If you cook with a lot of fresh herbs at home, having your own herb garden goes a long way. Not only will you have an array of growing herbs ready to be picked fresh right in your own home but you’re also sure that what you grow is not treated with harmful pesticides.
One question people ask me is how to grow herbs indoors. A lot of people have small or no yard and want to grow herbs indoors to use in cooking. Which means it’s also important to know which herbs you can grow indoors.
Wondering where to start? Then this is for you! Today, we’ll be talking about houseplant herbs you can grow all year. Let’s get started!
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Growing Herbs At Home Year-Round
There are a few things you need to keep in mind if you’re growing culinary herbs at home. For starters, they should be placed in an area that gets at least six hours of sunlight daily. All herbs also need to be planted in well-draining soil to keep their roots from drowning which will eventually kill your plants.
Generally, herbs will have no trouble surviving in the summer but once the weather starts getting colder, you might need to rethink your strategy.
If you grow your herbs outdoors, you might have put them inside to shield them from outdoor winter conditions. Alternatively, you can also cover your herbs with plastic sheeting supported by a PVC framework to protect them from the frost.
You’re also better off sticking to cold-hardy herbs like parsley, marjoram, thyme, sorrel, and garlic chives. These herbs can survive the harsher winter weather. Once it gets warm again, you can rotate the herbs you plant in your garden.
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Herbs to Grow All Year at Home
Now let’s get down to it and discuss what herbs are good to grow inside. Depending on your pots and soil these are the easiest herbs you can grow as houseplants year round indoors.
Basil adds freshness and sweetness to tomato-based dishes. You can start them in pots containing well draining soil. Place these pots in a south facing window for sunlight and warmth. Be sure to water them when the potting soil feels dry.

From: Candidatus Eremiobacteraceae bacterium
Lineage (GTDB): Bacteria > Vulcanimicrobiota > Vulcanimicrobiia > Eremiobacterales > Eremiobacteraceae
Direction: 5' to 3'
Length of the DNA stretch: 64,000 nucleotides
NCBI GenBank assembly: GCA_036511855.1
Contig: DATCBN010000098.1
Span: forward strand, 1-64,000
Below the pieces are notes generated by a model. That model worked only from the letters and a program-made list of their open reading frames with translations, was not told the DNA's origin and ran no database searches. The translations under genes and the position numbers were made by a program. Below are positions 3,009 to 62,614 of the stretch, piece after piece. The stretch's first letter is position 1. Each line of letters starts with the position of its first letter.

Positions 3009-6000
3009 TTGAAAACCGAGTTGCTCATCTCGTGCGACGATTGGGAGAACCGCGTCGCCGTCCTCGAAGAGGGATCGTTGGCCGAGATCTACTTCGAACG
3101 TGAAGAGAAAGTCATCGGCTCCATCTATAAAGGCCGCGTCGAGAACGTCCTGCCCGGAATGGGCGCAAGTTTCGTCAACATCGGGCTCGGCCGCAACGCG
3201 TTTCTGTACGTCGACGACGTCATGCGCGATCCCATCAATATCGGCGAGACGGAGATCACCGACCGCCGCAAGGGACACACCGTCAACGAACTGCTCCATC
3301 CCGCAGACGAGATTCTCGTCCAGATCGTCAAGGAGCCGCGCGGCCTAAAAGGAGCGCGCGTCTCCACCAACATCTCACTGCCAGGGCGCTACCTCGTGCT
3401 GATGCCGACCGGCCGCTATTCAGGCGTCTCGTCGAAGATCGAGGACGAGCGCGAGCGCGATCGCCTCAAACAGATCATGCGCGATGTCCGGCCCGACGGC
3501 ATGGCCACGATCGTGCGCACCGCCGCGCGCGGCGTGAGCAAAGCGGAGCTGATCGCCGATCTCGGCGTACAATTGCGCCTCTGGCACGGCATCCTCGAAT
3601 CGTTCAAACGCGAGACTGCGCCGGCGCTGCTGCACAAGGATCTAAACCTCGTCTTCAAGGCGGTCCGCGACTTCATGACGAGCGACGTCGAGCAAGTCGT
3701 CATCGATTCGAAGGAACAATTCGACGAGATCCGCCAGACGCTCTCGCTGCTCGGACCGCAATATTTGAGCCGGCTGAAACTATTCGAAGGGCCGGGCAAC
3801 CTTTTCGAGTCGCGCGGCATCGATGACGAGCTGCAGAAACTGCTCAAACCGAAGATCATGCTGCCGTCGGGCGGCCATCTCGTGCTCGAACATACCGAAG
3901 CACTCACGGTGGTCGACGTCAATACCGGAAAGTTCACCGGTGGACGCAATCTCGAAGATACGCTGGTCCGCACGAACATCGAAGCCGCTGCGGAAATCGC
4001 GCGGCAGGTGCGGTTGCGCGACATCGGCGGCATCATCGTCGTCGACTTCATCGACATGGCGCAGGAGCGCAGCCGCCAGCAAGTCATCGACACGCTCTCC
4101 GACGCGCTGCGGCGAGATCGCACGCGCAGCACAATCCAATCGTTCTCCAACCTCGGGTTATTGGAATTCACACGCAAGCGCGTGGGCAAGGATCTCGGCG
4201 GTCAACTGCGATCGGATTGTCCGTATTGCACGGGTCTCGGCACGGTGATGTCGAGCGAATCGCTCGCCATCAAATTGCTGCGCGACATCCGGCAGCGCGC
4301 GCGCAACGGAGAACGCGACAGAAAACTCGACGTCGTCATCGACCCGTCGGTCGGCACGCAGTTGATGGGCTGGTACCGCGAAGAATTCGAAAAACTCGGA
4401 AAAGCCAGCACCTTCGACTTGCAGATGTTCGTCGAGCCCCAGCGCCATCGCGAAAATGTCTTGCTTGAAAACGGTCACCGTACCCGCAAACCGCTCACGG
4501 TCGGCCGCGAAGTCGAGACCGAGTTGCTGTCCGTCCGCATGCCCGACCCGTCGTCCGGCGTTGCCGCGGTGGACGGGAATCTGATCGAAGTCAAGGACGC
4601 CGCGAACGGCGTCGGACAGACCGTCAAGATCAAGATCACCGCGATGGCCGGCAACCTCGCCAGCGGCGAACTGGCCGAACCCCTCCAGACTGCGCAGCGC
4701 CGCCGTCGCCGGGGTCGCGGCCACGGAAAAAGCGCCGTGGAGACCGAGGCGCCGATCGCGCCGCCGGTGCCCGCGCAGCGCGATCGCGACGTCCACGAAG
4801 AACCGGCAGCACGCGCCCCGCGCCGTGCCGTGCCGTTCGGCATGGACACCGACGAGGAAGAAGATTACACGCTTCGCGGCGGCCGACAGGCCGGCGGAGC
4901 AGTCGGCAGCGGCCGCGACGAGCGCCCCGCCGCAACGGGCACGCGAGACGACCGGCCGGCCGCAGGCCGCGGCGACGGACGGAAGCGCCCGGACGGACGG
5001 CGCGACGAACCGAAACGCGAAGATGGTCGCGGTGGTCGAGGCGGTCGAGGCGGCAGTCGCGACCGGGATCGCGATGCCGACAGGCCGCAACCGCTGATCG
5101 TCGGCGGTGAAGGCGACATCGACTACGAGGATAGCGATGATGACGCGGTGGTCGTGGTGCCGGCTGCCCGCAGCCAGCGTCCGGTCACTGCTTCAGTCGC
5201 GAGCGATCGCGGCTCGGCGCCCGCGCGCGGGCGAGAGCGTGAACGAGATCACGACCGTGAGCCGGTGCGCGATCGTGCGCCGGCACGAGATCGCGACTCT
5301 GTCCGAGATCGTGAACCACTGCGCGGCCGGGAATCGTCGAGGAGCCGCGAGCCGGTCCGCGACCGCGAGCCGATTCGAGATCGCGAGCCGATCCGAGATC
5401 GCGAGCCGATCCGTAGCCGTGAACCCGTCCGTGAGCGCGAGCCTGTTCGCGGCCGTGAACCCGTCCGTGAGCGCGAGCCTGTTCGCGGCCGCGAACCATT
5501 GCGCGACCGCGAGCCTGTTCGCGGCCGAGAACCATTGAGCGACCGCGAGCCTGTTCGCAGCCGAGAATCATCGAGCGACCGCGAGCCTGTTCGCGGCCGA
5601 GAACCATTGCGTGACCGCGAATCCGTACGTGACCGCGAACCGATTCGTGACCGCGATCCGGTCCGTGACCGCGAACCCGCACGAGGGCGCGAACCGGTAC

Mint is a tasty herb that goes well in many salads, savory dishes, and beverages. You can also plant a wide assortment of it in your garden ranging from peppermint, spearmint, chocolate, orange, apple, banana, and more.
The best part about growing mint is they can survive even with very little sunlight. Simply plant them in pots filled with potting mix and water them regularly. Once they start growing, simply snip a few sprigs every two weeks to keep them from getting overcrowded.
If you love roasting chicken or making tomato and cream-based soups, rosemary is your best friend. It tolerates hot, sunny, dry locations in the summer months, but prefers cooler temperatures (40 to 65 degrees F) in the winter, as long as the light is strong.
You can start rosemary seedlings in well draining potting mix. Never let the soil dry out.
This one is a staple in many dishes as a garnish and as a flavor booster for salads and soups, parsley truly belongs in every home cook’s herb garden.
Grow in a deep pot with rich, organic potting soil and provide strong light. Harvest individual leaves by pinching stems off near the base. Also, it is advisable to feed the plants with half-strength liquid fertilizer every two weeks.
Thyme seedlings can be started indoors in well draining potting mix. Place containers in areas that receive full sun.
However, they can also grow in an east or west facing window. Water when the surface of the soil on these small plants is dry and before any signs of wilting show up.
Touted for its sweet anise-parsley flavor, chervil is perfect for Béarnaise sauce and pairs well with fish, potatoes, steamed carrots, and eggs.
Start chervil seeds in moist potting soil in deep pots to give their tap roots room to grow. After sprouting, keep plants cool (60 to 70 degrees F) and give them moderate sun. Replant every few weeks to keep plenty of fresh young leaves on hand.
Herbs are often the easiest to grow indoors or out. They grow quickly and start well from seedlings. You can start them and be using them in a matter of days.
It’s a great family project and adds a great homeyness to the family kitchen.
Do you have an indoor or outdoor herb garden? What are your favorite herbs to grow? How do you use them in dishes?